The same ground was used for the first application for judicial review of Mary Jane’s case. This, however, was denied on March 25. Rudyantho said the Supreme Court said in its decision that there is no rule stating that the interpreter should be a graduate. While this is not a conflict in decision, he said, it was a “conflict in practice.”
“They forgot that legal language is much different from conversational language,” he said.
Prior to the filing of the first judicial review, as early as 2011, Rudyantho said they asked Philippine embassy officials to investigate Sergio.
In a timeline released by the Department of Foreign Affairs, the Philippine Drug Enforcement Agency (PDEA) paid Mary Jane a visit to get her account only last March 31, a few days after the Indonesian Supreme Court junked the petition for the first judicial review. Meanwhile, the Veloso family, according to the timeline released by migrant rights group Migrante International, asked government agencies to investigate Sergio twice – in 2010 and in 2012.
The NUPL, whose legal services were requested by the Veloso family last April 7, formally asked PDEA, the National Bureau of Investigation and the Interagency Council Against Trafficking (Iacat) to investigate Mary Jane’s recruiter in letter-complaints dated April 16 and 17.
Attached to the letter-complaints were the affidavits of the Veloso family dated April 15. The transcript of Mary Jane’s handwritten account, the original of which is still in the custody of the Philippine embassy, was also included.
The lawyers filed what was described in media reports as a “stronger” second petition for judicial review on April 24, stating that Mary Jane is a victim of both drug and human trafficking.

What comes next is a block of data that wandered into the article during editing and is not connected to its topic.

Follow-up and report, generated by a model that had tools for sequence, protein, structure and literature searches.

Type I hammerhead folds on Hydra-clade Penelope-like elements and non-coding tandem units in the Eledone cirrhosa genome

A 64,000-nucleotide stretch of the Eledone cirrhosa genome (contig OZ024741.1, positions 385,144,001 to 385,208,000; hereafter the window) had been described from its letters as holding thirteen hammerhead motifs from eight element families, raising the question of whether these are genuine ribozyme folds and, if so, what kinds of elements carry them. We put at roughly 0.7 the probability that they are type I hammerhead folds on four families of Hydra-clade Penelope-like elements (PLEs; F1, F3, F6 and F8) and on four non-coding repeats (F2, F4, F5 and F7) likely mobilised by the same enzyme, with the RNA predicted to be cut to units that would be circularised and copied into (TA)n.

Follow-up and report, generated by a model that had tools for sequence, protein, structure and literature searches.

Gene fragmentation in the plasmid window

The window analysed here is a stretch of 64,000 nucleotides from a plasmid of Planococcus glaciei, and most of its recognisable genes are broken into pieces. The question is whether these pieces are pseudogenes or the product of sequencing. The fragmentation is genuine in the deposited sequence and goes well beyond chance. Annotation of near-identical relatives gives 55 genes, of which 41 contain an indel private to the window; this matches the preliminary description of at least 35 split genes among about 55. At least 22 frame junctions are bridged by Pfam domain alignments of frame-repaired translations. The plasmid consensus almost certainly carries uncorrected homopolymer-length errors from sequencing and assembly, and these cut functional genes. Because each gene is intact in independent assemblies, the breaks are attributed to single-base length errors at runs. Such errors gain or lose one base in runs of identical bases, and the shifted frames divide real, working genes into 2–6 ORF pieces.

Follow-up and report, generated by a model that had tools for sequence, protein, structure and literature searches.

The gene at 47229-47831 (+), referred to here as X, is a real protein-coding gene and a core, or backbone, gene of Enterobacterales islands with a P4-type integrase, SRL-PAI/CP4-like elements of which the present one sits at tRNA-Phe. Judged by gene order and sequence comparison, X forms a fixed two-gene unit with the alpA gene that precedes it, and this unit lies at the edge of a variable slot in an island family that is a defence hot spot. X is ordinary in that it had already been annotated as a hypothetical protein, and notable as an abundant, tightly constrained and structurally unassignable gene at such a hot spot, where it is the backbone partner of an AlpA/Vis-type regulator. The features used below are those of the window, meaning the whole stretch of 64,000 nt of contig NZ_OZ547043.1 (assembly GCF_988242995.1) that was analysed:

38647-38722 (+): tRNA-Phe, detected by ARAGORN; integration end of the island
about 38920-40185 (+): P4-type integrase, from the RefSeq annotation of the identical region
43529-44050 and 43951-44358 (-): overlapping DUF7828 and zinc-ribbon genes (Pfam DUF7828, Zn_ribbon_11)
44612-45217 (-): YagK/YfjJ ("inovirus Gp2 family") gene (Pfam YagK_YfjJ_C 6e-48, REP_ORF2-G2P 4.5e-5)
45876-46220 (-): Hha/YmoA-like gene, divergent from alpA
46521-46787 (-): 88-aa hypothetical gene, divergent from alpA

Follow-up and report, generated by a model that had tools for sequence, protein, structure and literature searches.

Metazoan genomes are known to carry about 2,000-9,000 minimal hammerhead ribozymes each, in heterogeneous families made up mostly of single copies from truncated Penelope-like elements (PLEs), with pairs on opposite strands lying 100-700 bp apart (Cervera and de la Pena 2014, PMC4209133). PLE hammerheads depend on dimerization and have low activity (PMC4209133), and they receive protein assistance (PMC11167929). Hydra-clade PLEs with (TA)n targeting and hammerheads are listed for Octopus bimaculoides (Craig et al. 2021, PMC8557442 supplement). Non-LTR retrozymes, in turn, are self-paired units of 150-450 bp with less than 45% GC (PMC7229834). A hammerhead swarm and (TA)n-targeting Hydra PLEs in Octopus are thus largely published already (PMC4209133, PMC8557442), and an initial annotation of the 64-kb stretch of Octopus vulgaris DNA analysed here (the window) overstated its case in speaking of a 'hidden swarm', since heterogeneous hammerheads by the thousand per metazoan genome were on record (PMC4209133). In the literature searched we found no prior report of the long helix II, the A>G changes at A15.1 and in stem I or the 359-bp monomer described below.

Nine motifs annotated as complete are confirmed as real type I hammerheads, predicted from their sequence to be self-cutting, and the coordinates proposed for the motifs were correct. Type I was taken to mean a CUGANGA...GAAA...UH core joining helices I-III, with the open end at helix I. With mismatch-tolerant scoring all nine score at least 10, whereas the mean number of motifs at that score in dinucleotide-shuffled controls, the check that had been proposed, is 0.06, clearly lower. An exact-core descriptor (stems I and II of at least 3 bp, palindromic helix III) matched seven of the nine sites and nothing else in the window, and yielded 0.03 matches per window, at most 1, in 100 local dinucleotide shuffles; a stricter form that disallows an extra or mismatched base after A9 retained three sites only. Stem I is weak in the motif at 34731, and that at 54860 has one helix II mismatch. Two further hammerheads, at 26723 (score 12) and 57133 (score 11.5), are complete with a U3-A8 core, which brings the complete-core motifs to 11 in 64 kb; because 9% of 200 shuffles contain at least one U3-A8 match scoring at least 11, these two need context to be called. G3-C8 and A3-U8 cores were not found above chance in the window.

Rudyantho said the second petition was not accepted by the Sleman District Court, not because of its content, but due to administrative policies. The Constitutional Court, he said, provides no limit for the application for judicial review for as long as there are new evidences that would be presented.
But the Supreme Court, which is different from the Constitutional Court, in its internal memorandum, issued in 2014, limited the application for a judicial review to only one.
Rudyantho said one of the options is to file a third application for judicial review if there is a positive resolution in the legal proceedings in the Philippines against Sergio and Lacanilao.
But just as Mary Jane’s lawyers are working hard on the legal strategies, Rudyantho said, the diplomatic track should continue. He said the Indonesian President’s right to grant clemency remains possible and that this has no limitation.
Legal proceedings in the Philippines
Muhammad said the Filipino private lawyers provided a big help to them with the filing of the complaints against Mary Jane’s recruiters. After all, he added, the temporary reprieve was handed at the last minute to give the legal proceedings here in the Philippines a chance, following Sergio and Lacanilao’s seeking police protection due to alleged threats to their lives.